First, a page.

Settling for second best.
In life, too many of us settle. We may believe that we aren’t worthy of somebody who is truly is right for us, physically, emotionally and intellectually. We may believe that the ‘right person’ doesn’t exist, or we may believe that it’s too hard. We may believe that we aren’t worthy of love and then desperately clasp at any opportunity. Maybe we weren’t shown love early in our lives, or maybe we were hurt by somebody, or maybe our arduous life has beaten us down at every turn. I’m here to tell you why you are worthy, why you should value yourself and why, if you don’t settle you will find your match.
For so long I didn’t feel like I had value, and I’d grasp at any opportunity of love, attention and praise; I was hooked on it. During my teenage years, I engaged in irresponsible promiscuity in an attempt to validate myself and my worth. This is a common mistake; to base your self-worth on someone else’s opinion is to have self-worth built on unstable foundations. You may feel really good when somebody that you fictitiously value as ‘better’ than you takes a liking to you, however, when you are rejected you may feel unlovable and worthless. You don’t have to be Donald Trump to realise that this is a pretty bad deal that you’ve made with yourself. What if you could base your self-worth on something a little more stable, a bit more imperturbable, and you could ride the waves of acceptance and rejection unscathed…wouldn’t that be swell?
If not others views, what?
Your life has value because you are alive. I’ll say that again…your life has value for the pure and simple fact that you are alive. It is for this reason that we find ourselves feeling such sorrow for those who choose to take their own lives…if only someone could have helped them sooner; they suffered but their lives mattered, they had value. Your value is not based on whether you have a job, whether you look a certain way, where you live, how much money you have or what you can or can’t do. Not convinced? Let me ask you this. Do you value the life of a baby? How about a toddler? What about a pre-schooler? How about a primary aged child? Did you say yes to all of these? What about the life of a teenager? What about a skinny teenager? How about a pimply faced teenager? What about an obese teenager? What about a star pupil? Now, what about an adult? What about your mother? What about you? At what point does a life lose value between infancy to maturity? We value the lives of our the young simply because they are alive. To base your self-worth on external things is fleeting, ever-changing and illogical. Why base your self-worth on something that you can’t control? Base your self-worth on the fact that you are alive.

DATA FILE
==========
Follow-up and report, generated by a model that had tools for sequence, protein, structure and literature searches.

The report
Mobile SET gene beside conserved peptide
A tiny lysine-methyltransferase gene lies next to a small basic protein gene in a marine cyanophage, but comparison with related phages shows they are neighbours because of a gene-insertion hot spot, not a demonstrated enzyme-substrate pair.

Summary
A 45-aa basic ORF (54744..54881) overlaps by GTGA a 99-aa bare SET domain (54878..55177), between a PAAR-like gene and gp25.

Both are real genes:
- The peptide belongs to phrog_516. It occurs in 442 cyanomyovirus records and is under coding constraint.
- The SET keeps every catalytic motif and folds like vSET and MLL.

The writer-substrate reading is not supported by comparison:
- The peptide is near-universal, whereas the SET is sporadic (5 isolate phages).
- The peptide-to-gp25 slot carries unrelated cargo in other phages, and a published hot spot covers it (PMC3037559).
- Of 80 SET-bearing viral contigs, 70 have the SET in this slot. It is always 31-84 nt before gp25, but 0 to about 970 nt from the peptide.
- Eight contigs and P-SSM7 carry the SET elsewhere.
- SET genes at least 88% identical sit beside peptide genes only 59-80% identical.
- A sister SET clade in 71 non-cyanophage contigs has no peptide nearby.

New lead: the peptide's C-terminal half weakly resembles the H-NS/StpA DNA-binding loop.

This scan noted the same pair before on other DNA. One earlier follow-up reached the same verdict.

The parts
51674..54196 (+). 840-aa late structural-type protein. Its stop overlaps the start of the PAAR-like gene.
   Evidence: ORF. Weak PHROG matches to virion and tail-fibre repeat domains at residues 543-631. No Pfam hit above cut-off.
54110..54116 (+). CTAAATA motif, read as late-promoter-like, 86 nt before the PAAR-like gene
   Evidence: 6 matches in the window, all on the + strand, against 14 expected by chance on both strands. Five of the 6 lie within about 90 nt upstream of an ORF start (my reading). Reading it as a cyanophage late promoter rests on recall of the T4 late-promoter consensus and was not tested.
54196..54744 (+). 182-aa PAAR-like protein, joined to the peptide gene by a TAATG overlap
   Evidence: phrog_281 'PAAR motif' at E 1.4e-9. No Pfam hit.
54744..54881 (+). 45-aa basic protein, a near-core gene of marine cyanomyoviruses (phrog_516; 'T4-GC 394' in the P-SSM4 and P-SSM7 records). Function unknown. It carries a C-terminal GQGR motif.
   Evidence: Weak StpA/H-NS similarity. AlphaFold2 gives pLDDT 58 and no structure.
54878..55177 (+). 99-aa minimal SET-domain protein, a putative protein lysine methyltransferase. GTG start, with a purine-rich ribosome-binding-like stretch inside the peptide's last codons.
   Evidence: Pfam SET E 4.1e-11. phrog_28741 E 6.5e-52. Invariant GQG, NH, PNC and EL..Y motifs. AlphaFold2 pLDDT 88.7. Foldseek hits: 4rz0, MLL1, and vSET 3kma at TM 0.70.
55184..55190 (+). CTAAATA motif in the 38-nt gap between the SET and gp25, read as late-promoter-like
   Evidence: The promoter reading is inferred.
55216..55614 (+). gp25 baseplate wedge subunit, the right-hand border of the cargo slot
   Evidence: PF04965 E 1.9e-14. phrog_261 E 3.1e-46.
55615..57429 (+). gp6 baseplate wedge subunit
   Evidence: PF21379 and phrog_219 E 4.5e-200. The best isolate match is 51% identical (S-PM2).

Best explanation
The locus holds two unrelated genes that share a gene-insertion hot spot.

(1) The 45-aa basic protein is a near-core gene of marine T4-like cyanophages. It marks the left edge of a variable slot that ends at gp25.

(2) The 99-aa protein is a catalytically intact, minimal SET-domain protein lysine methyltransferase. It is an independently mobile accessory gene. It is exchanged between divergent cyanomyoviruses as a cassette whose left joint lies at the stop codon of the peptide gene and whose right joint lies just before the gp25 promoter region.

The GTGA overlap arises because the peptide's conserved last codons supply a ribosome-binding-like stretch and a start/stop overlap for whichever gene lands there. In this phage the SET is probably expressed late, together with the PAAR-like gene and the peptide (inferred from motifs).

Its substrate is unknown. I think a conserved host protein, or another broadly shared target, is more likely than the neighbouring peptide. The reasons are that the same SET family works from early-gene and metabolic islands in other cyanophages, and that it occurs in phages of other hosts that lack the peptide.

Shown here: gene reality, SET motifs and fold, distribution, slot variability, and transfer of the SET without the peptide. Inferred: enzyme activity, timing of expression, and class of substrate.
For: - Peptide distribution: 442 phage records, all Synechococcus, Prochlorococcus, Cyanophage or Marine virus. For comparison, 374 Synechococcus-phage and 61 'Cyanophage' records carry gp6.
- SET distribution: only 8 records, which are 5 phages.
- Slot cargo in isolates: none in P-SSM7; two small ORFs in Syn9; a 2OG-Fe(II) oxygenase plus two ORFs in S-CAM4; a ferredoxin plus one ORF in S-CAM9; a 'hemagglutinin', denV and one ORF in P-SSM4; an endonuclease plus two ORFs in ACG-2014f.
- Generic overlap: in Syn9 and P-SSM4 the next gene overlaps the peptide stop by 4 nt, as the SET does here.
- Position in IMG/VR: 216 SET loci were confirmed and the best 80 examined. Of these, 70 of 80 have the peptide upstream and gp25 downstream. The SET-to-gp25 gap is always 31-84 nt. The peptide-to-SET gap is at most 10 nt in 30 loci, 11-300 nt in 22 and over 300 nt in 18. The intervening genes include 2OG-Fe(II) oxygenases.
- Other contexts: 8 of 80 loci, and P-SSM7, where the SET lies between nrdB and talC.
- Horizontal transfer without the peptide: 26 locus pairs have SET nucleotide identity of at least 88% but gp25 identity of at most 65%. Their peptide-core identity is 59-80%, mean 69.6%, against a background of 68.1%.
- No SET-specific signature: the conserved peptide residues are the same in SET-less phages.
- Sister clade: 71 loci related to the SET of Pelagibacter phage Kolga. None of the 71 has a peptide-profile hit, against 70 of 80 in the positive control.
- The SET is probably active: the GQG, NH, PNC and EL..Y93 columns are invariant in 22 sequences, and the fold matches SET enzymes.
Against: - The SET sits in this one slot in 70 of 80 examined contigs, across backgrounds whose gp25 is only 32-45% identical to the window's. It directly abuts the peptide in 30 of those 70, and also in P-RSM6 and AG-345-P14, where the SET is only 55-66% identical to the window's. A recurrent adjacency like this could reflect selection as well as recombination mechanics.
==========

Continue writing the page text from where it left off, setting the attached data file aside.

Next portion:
To settle is to sell yourself short, to deny yourself true happiness. One day someone will appreciate every ounce of you for how it is and not how they want you to be or what you could be, however, this is not to say they shouldn’t encourage you to be the best version of yourself. If you choose to settle, to select a partner that you know to not be a perfect fit, ignoring red-flag after red-flag, you are telling yourself that you are not worthy of a partner that is right for you. To accept the second, third, or fourth best is to devalue yourself in the eyes of yourself. We don’t just settle in relationships, we settle in all aspects of our lives. We don’t push ourselves as hard as we could at the gym for the fear of failure, an omnipresent energy living in your mind, of which you believe will strike you down if you don’t succeed when you try. We don’t push for the top position in our line of work because we don’t think it’s possible, we don’t think we’re good enough. You are good enough, you are worthy of love, and you have value because you are alive.
Don’t settle because one day during this up-hill hike to self-actualisation, you will encounter another travelling soul who resonates deep into every ounce of your being and the two of you will be drawn to each other with such magnetism, and what an incredible feeling that will be.
It’s when, not if.